[i] Department of Defense Directive 3000.09 (“Autonomy in Weapon Systems”), U.S. Department of Defense, May 8, 2017, accessed September 19, 2018, .
[ii] Nikolas Shashok, “Analysis of Vulnerabilities in Modern Unmanned Aircraft Systems,” December, 13, 2017, accessed September 19, 2018, .
[iii] Kelsey Atherton, “Russia prepares for a future of making autonomous weapons,” C4ISR, June 11, 2018, accessed September 19, 2018, .
[iv] Hillary Lamb, “Russia rejects potential UN ‘killer robots’ ban, official statement says,” Engineering and Technology, December 1, 2017, accessed September 19, 2018, .
[v] “U.S. Air Force, Lockheed Martin Demonstrate Manned/Unmanned Teaming,” Lockheed Martin, April 10, 2017, accessed September 19, 2018, .
[vi] Kyle Mizokami, “The U.S. Army’s Robotic Humvee, the Wingman, Is Learning to Shoot,” Popular Mechanics, February 7, 2018, accessed September 19, 2018, .
[vii] Interview with Paul Scharre, “Killer Robots and Autonomous Weapons,” Council on Foreign Relations, June 1, 2018, accessed September 19, 2018, .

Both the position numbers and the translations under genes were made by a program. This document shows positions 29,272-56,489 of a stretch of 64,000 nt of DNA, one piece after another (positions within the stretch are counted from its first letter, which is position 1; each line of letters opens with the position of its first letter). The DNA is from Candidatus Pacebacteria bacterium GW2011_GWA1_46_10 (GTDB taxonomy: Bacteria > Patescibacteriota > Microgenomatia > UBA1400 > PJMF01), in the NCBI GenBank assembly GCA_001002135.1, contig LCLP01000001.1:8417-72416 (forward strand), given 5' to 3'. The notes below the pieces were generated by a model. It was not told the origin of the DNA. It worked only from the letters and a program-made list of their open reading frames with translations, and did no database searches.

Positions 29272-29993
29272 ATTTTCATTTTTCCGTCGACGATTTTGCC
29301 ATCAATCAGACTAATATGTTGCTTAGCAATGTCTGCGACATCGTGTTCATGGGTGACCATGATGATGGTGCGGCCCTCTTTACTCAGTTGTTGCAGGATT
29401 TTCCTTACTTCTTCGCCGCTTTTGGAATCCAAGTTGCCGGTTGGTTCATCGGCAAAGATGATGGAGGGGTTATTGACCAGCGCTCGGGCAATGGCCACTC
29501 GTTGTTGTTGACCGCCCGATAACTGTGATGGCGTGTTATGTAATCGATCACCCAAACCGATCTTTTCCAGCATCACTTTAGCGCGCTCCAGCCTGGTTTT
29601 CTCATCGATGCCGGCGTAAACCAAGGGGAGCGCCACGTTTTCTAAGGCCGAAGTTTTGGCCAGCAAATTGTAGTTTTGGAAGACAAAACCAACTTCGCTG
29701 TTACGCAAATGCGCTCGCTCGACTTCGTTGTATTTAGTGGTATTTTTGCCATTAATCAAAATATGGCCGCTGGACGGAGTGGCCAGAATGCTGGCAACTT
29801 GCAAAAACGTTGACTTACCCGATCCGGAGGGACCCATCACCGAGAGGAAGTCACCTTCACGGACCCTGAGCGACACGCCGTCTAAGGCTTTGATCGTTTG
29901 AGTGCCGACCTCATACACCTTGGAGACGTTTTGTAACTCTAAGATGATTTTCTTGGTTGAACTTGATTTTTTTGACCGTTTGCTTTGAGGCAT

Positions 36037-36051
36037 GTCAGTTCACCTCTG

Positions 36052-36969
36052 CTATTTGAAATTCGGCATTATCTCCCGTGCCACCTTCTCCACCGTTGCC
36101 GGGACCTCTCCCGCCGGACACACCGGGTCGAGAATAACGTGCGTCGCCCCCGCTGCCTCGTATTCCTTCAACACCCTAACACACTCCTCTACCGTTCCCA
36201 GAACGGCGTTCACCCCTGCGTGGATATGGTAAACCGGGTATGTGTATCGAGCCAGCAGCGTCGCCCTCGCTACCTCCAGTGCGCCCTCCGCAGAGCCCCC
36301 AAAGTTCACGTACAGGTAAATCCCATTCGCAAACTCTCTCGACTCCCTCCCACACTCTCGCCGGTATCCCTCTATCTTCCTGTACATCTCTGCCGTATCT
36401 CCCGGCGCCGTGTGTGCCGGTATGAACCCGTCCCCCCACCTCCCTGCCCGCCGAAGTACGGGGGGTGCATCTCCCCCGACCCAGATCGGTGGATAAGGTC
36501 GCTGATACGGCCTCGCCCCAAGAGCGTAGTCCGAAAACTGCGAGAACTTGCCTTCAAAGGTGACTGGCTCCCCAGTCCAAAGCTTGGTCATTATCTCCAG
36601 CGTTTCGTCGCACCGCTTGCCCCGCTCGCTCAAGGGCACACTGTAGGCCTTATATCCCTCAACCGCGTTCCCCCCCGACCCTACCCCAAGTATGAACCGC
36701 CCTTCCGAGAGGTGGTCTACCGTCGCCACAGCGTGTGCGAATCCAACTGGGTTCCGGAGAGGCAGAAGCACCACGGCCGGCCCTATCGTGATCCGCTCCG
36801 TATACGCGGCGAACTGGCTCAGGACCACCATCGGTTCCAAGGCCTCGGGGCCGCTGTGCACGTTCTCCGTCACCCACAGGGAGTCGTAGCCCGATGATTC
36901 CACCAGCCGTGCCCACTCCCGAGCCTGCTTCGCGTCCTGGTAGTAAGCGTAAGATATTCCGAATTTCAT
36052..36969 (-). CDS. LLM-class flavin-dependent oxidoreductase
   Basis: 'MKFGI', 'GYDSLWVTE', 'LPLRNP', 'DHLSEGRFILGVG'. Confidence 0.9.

[viii] Patrick Tucker, “Russia to the United Nations: Don’t Try to Stop Us From Building Killer Robots,” Defense One, November 21, 2017, accessed September 19, 2018, .
[ix] Paul Scharre, “Meet the New Robot Army,” Wall Street Journal, April 11, 2018, accessed September 19, 2018, .
[x] Alex Lockie, “Why Putin's new 'doomsday' device is so much more deadly and horrific than a regular nuke,” Business Insider, March 15, 2018, accessed September 19, 2018, .
[xi] Nicholas Fiorenza, “New Russian weapons named,” Jane’s 360, March 23, 2018, accessed September 19, 2018, .
[xii] Barbara Starr and Zachary Cohen, “US says Russia 'developing' undersea nuclear-armed torpedo,” Cable News Network, February 3, 2018, accessed September 19, 2018, .